Please keep fedora-review alive

09. 01. 2023 | Jakub Kadlčík | EN fedora packaging fedora-review

The fedora-review is an essential tool for reviewing new Fedora packages. It helps us ensure that they are of a good enough quality, don’t violate any licenses, and don’t unpleasantly surprise our users. And it needs more developers.


Thousands of new packages are added to Fedora every year and approximately half of them are reviewed using the fedora-review tool. Every year, a couple of hundred packages are created using a spec file generator (e.g. rust2rpm) and reviewers often shortcut the process using their own simplified checklist. The rest of the packages are not being reviewed via the fedora-review tool for reasons that I can only speculate. You can check how I obtained the data.

Package reviews throughout the years and fedora-review usage in the blue color.

Unfortunately, the fedora-review project doesn’t receive as much love and attention it needs. All of the current maintainers are prominent members of the Fedora community, and as such, they are occupied with other high-priority projects, leaving the
fedora-review as a side gig. In any case, big thanks to every one of them for making the time to work on this project at all. It’s appreciated.

We really need it

According to the Package Review Guidelines, reviewers need to go through a checklist of 31 items that every new package must, and 9 items that it should comply with. On top of this, there are additional checks based on the programming languages used for the package source code. They are more loosely defined but for example, I found at least 28 items for python.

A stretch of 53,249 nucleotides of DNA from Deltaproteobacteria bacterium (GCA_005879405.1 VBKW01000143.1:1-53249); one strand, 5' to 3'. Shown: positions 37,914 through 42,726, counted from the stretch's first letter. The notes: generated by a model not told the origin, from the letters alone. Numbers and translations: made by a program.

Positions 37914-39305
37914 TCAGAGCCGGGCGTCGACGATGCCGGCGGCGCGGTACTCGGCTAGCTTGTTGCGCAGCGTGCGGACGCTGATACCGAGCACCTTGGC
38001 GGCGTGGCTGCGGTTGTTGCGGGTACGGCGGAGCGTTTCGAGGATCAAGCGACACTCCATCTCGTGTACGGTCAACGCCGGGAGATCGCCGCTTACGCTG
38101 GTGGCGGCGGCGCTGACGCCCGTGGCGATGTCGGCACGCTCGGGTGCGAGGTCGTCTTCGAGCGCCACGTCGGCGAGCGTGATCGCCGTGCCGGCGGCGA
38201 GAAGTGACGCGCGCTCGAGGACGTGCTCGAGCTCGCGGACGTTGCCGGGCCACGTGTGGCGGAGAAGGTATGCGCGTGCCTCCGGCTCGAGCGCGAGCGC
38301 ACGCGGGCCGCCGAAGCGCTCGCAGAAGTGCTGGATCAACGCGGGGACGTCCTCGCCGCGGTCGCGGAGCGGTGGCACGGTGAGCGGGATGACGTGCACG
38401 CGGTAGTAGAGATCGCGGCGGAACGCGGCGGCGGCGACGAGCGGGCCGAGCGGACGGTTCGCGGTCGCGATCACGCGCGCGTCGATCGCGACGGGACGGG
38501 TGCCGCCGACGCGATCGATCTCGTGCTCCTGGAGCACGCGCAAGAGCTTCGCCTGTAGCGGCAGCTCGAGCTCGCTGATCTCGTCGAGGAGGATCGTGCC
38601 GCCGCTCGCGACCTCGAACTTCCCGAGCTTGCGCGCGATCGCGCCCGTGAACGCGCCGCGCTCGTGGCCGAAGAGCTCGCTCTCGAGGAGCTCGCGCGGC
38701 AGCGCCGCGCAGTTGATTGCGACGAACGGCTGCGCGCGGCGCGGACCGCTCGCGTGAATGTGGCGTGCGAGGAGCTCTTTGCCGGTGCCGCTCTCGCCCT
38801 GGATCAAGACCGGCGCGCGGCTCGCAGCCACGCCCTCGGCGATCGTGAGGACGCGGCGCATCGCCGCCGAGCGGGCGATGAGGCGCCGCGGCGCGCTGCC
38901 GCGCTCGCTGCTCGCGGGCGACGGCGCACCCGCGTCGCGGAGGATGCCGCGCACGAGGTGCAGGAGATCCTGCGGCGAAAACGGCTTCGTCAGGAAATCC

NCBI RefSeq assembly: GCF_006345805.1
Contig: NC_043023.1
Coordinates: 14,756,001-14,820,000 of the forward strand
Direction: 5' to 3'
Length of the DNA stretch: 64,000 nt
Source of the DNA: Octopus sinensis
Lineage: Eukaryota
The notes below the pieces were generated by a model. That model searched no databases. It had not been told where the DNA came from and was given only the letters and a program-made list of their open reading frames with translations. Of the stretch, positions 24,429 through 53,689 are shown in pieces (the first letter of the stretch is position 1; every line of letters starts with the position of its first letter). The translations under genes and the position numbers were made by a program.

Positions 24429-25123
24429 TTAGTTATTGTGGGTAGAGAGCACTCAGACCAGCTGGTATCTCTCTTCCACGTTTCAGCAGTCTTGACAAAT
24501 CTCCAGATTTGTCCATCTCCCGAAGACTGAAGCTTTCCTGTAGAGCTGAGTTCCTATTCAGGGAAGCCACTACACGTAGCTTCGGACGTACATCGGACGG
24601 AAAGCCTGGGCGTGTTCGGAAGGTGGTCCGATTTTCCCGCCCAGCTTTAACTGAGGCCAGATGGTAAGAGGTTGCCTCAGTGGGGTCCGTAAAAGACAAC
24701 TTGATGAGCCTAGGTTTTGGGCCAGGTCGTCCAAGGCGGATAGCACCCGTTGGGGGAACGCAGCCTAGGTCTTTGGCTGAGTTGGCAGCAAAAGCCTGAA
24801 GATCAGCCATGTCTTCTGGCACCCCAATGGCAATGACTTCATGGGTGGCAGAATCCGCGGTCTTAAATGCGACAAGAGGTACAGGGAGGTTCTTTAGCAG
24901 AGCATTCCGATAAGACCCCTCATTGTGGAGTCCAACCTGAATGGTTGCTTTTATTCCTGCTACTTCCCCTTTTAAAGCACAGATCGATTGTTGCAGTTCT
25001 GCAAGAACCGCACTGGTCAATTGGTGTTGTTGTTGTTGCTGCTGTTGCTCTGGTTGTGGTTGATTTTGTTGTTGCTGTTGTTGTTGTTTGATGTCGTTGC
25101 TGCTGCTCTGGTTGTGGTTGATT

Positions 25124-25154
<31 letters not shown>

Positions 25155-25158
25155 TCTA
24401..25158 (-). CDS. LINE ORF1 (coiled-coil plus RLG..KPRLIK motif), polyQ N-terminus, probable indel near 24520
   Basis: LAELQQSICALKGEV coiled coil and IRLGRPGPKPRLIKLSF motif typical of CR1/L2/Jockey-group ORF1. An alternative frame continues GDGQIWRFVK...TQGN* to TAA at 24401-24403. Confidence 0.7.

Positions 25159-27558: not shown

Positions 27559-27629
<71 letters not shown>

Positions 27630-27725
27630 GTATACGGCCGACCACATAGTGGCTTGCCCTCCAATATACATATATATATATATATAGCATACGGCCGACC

Let’s take a closer look at one of the more amusing items on the checklist for every package.

MUST: The package must meet the Packaging Guidelines .

The Fedora Packaging Guidelines is a 738 pages long document (It is a website actually, so I saved each subpage into PDF and counted the pages). Moreover, it is a live document, so every reviewer needs to keep up with the changes.

I think that we can agree that without any automation, this is a lot of manual labor. That’s where the fedora-review tool comes in handy. It cuts down the number of manual checks to about half. I also think we didn’t reach its limits yet, many more checks can be (semi)automatized, it’s only a matter of implementing it.

Do the math - If implementing one check costs 2 hours of developer time, and it saves one minute to a reviewer - with 1000 reviews per year, that’s 16 hours saved per year.

Additionally, the Fedora Review Service now automatically runs fedora-review for each package review ticket, saving the reviewers even more time.

Every fedora-review improvement saves us time and money, please keep developing it.